Lastly, we see the fittings. One of the most obvious is the bridge, a curved piece of maple which is notched to keep the strings separated, and also keeps the strings above the fingerboard. The tailpiece is usually made of ebony, as are the pegs and fingerboard, and the lower ends of the strings attach to it. At the very bottom of the cello is the plug, where the end pin is inserted, as well as gut to hold the tailpiece on. The end pin rests on the floor to hold the instrument up for the player. Some are removable, but most are stored inside the cello when not in use. On the top of the cello we find the scroll, peg box, pegs, and neck. Except for the pegs, the previous items are carved from one piece of wood. Strings are wrapped around pegs, which tighten or loosen the strings. At the top of the fingerboard is the nut. A small piece of ebony, it separates the strings at the top of the instrument.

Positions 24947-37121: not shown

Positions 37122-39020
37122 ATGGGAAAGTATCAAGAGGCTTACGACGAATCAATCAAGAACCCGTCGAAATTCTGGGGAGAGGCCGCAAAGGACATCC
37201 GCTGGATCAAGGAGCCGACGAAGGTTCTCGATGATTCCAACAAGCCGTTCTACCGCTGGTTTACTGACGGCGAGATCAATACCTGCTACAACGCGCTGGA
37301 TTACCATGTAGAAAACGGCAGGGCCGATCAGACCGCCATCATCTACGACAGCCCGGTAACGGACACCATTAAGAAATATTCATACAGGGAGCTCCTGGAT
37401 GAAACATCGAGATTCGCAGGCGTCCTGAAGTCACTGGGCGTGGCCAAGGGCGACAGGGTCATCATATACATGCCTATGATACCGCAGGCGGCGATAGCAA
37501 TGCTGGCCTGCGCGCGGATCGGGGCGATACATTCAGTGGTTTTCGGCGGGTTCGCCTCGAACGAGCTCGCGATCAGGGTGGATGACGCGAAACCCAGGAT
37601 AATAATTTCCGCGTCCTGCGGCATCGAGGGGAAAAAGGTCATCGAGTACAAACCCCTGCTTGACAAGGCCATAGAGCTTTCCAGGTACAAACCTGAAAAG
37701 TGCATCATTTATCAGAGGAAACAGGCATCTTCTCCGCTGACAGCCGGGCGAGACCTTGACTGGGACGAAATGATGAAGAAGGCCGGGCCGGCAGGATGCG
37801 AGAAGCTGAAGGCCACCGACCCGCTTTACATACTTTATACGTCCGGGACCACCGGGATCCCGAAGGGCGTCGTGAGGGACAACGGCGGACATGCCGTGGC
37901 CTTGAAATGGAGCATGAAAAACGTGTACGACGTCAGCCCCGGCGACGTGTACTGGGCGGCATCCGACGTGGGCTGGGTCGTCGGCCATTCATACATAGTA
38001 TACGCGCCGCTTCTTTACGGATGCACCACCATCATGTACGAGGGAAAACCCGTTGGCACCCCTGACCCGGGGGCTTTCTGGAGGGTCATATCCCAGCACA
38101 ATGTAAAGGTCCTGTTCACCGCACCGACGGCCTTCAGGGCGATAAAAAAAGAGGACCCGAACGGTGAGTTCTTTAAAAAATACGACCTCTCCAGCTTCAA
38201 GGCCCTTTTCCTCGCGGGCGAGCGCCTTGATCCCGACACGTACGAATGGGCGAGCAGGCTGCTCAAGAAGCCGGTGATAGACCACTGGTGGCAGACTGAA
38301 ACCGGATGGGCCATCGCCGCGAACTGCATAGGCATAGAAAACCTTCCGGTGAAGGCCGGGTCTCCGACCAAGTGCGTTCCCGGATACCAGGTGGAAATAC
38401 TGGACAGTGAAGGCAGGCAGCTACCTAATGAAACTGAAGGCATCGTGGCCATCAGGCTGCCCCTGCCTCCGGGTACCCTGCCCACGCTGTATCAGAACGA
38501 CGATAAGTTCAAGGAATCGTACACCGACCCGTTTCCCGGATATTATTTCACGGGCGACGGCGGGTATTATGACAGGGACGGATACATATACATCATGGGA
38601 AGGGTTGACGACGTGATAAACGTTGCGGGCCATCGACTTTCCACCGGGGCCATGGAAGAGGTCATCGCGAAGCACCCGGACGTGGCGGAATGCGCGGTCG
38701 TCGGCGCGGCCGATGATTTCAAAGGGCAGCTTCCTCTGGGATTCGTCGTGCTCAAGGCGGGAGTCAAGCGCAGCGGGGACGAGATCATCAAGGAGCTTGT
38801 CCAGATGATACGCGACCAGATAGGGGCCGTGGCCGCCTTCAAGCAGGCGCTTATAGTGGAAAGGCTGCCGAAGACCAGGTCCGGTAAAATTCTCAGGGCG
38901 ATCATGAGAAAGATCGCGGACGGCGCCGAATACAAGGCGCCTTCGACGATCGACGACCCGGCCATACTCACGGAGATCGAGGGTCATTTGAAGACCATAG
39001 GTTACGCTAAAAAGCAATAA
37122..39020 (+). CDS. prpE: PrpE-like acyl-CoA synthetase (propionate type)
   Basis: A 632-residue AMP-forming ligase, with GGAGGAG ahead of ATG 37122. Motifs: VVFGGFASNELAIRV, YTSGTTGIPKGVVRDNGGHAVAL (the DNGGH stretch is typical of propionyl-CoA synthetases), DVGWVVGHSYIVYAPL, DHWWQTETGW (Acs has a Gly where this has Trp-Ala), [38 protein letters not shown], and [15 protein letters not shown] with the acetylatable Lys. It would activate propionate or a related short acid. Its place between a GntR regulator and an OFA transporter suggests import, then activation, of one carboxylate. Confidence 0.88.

an assortment of bows


So far we have discussed the cello itself, but how, the reader might ask, is the sound produced? Unless pizzicato is being used, the cello, or any other instrument of the violin family, is mute. Another device must be used so that sound can be heard. This device is called the bow.

The bow was well-known throughout much of the world among primitive cultures, but was not introduced to Europe until approximately the 11th century. At this time, bows were very basic, with lots of variations. The stick curvature was convex, the opposite of todayís bows, and resembled an archery bow. There was also no way to tighten the hair.

There were no major changes made to the bow until sometime in the mid to late 17th century, well after the violin was invented. At this time frogs were added to adjust hair tension, and button and screw devices were also developed.

During the 1700ís, woods commonly used to make bows were iron wood and snakewood. Today most bows are made from pernambuco, imported from Brazil.